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Countryside Stewardship scheme protects rock art

From icNewcastle
By The Journal

Examples of some of the best prehistoric rock art in the world are to be protected by a Northumbrian farmer. Much of Duncan Ord's Chatton Park Farm near Alnwick is a prehistoric landscape, which includes a hillfort and a rock overhang shelter. The farm also has several outstanding examples of mysterious rock art, consisting of cup, ring and other patterns which were carved into sandstone outcrops from 5,000 years ago. Northumberland is especially rich in rock art, which has been explored and recorded for more than 30 years by retired Hexham headteacher Stan Beckensall. He has been campaigning for the rock panels to be safeguarded from threats which include air pollution, acid rain, trampling by cattle, ploughing and quarrying. Yesterday Stan hailed a Countryside Stewardship agreement signed between Mr Ord and Defra which will see the farmer qualify for payments by looking after the ancient legacy.
The stewardship scheme provides funding to encourage traditional farming methods which can help conserve historical features, and makes provision for public access. Under his agreement Mr Ord will now keep grazing animals away from the site, and develop a trail to allow the public to appreciate the historic sites at first hand.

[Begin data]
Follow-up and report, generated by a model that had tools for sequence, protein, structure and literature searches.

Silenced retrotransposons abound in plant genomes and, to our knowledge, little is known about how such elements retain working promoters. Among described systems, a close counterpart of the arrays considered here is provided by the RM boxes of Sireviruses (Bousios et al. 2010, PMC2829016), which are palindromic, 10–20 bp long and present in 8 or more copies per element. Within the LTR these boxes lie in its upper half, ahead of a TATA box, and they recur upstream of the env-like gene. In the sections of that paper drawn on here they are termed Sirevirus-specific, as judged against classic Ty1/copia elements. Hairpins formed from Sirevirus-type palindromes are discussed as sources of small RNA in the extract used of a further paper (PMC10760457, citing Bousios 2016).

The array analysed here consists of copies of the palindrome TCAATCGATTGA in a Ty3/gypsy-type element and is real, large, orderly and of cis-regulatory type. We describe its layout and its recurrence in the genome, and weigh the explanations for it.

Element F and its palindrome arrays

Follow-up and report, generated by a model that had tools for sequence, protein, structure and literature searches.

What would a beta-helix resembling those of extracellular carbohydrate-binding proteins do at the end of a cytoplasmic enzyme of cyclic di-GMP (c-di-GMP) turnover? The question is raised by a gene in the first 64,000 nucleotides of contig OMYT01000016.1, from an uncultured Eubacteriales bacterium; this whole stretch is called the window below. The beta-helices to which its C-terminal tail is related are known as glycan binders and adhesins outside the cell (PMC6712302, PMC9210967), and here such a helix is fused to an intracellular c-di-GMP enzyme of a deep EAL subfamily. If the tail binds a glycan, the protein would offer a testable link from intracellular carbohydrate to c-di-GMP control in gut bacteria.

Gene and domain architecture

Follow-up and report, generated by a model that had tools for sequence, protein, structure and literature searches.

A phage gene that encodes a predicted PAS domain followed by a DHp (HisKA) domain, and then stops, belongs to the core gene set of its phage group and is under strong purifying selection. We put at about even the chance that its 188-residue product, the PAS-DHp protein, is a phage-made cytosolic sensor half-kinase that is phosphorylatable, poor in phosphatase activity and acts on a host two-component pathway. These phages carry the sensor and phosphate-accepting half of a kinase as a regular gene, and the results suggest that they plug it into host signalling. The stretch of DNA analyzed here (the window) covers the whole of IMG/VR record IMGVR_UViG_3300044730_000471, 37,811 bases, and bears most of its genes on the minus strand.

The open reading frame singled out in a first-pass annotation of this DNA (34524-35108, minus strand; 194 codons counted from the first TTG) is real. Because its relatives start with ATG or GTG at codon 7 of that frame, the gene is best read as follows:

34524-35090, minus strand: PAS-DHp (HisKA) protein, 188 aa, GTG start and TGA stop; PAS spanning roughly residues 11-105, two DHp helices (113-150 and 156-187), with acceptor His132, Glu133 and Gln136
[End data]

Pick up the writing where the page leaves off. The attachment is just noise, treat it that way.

Mr Ord said: "Chatton Park is a marginal farm where we keep cows and sheep, as well as a small arable acreage. Our cows were traditionally wintered on the hill where the rock art is, because it offered the animals a sheltered spot whichever way the wind blew.
"But when Stan Beckensall told me how important these markings on the rocks were I was happy to change our husbandry practices. The stewardship agreement is giving me the support I need to do that."
Stan said: "The rock art at Chatton is first class - some of the finest in the world. Duncan Ord's stewardship scheme is an important step forward in preserving the rock art and bringing it to a wider audience. "Developments like stewardship are good because it is a recognition that the rock art is important. This is part of what I have been wanting to happen for a long, long time.
"The farm is part of prime rock art country and the landscape definitely has a presence. It is a special place." Views from some of the main rock panels offer a sweeping vista across the Till Valley towards the Cheviot Hills. Rock art is often found in such locations and offers clues to its original purpose, which has generated scores of theories. One of the Chatton panels has multiple concentric circles, pairs of cups, squares and domino-style markings.

Neil Clark, senior advisor at Defra's Rural Development Service North-East, said: "This agreement shows the many applications of Countryside Stewardship, not only helping to enhance and preserve wildlife habitats but also protecting important aspects of our national heritage."
Rhiannon Posted by Rhiannon
11th December 2002ce
Edited 12th January 2003ce

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